For the financial accounting, audit and assurance, law and tax papers except where indicated otherwise, ACCA will publish examinable documents once a year to indicate exactly what regulations and legislation could potentially be assessed within identified examination sessions

For paper based examinations regulation issued or legislation passed on or before 30 th September annually, will be assessed from June 1 st of the following year to May 31 st of the year after. Please refer to the examinable documents for the paper for more information.

Regulation issued or legislation passed in accordance with the above dates may be examinable even if the effective date is in the future.

The term issued or passed relates to when regulation or legislation has been formally approved.

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The term effective relates to when regulation or legislation must be applied to an entity transactions and business practices.

The study guide offers more detailed guidance on the depth and level at which the examinable documents will be examined. The study guide should therefore be read in conjunction with the examinable documents list.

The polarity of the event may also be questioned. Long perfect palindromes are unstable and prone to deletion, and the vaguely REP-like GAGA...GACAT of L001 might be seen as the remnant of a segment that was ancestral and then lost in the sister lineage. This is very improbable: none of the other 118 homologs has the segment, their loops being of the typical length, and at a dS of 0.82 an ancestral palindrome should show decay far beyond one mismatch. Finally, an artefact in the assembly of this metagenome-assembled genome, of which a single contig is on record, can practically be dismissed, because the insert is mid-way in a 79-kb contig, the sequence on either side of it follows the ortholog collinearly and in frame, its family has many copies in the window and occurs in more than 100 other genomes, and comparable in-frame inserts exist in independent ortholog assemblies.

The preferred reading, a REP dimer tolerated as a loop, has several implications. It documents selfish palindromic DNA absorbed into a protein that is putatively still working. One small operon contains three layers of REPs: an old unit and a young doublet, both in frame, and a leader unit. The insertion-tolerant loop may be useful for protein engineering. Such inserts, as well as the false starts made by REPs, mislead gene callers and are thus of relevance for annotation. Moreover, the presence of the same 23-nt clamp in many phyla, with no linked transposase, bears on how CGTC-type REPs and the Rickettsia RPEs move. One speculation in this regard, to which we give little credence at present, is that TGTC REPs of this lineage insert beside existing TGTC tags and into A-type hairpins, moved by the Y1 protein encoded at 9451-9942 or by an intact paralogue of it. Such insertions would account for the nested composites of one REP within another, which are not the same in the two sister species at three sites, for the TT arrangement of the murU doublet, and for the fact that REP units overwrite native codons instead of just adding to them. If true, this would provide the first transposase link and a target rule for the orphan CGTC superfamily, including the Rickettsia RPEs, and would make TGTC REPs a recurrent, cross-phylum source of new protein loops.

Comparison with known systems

Note: the Taxation Laws Amendment Act and Taxations Laws Second Amendment Act were only passed into law after 30 September 2011 and are therefore not examinable

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Syllabus

(P6) ZAFSyllabus (F6) ZAF AIM To develop knowledge and skills relating to the South African tax system

(F6) ZAF

AIM

To develop knowledge and skills relating to the South African tax system as applicable to individuals and companies.

MAIN CAPABILITIES

After completing this examination paper students should be able to:

A Explain the operation and scope of the South African tax system

B Explain and compute the income tax liabilities of individuals

C Explain and compute the income tax liabilities of companies

D Explain and compute the chargeable capital gains arising on companies and individuals

E Explain and compute the effects of value added tax on incorporated and unincorporated businesses

F Identify and explain the obligations of tax payers and/or their agents.

RELATIONAL DIAGRAM OF MAIN CAPABILITIES

The South African tax system (A) Income tax liabilities (B) Company tax liabilities (C) Chargeable
The South African tax system (A)
Income tax liabilities (B)
Company tax liabilities (C)
Chargeable capital gains
(D)
VAT (E)
The obligations of the taxpayer and/or their agents (F)

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RATIONALE

6.

The use of exemptions and reliefs in deferring and minimising income tax liabilities

This syllabus introduces candidates to the subject of taxation and provides the core knowledge of the underlying principles and major technical areas of

C

Company tax liabilities